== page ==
By inserting a "memory" into a plastic material, researchers say they have created a surgical thread that can ties itself into a knot. The same substance may also be used for medial implants such as stents or bone screws.
The material, made of thermoplastic polymers that an be absorbed by the body, an be engineered to assume s string-like shape at room temperature and then transform into a medially useful shape when warmed by body temperature, said Robert Langer, o-author of a study in the journal Science.
Langer, a professor of chemistry at the Massachusetts Institute of Technology, said the plastic could be used to make implants or bone screws that are not much bigger than a piece of string when inserted into the body. One they warm up, the devices change to form the appropriate implant.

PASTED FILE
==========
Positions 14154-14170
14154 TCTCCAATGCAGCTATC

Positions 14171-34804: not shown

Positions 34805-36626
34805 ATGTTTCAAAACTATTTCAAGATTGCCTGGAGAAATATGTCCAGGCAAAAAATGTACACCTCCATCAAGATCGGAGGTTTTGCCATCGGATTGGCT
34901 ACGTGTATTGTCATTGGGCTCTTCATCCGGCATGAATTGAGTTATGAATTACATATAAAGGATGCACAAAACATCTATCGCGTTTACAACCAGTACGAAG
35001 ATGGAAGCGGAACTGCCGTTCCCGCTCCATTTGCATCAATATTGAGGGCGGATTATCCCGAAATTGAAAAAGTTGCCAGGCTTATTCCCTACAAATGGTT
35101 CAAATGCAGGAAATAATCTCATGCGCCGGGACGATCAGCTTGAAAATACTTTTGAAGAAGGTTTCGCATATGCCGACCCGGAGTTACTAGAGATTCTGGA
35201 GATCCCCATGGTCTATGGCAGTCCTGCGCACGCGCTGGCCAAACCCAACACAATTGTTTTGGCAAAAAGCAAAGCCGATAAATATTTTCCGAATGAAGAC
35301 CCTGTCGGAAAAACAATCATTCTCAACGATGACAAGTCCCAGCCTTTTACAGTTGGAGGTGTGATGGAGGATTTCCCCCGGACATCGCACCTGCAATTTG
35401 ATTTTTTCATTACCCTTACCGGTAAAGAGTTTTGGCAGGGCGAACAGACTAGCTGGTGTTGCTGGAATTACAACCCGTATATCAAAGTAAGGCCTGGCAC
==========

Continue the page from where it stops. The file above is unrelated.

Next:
He said that sine the material has a memory, it could be threaded into an incision as a loose knot. When it warms o the body's temperature, the material remembers its designed shape and size and shrinks to tighten the wound. Later, after the wound is healed, the material dissolves and is harmlessly absorbed by the body.
"It is like a smart suture," said Langer. "That could be very important in losing an incision in a place that is hard to reach by surgeon."
The researcher said the material could be used to make vascular stents, devices that hold open blocked arteries to allow easy blood flow. Stents made of thermoplastic polymer material with a memory could be inserted as a small thread or string and would then spring to a designed shape and size one it is warmed by the body, said Langer.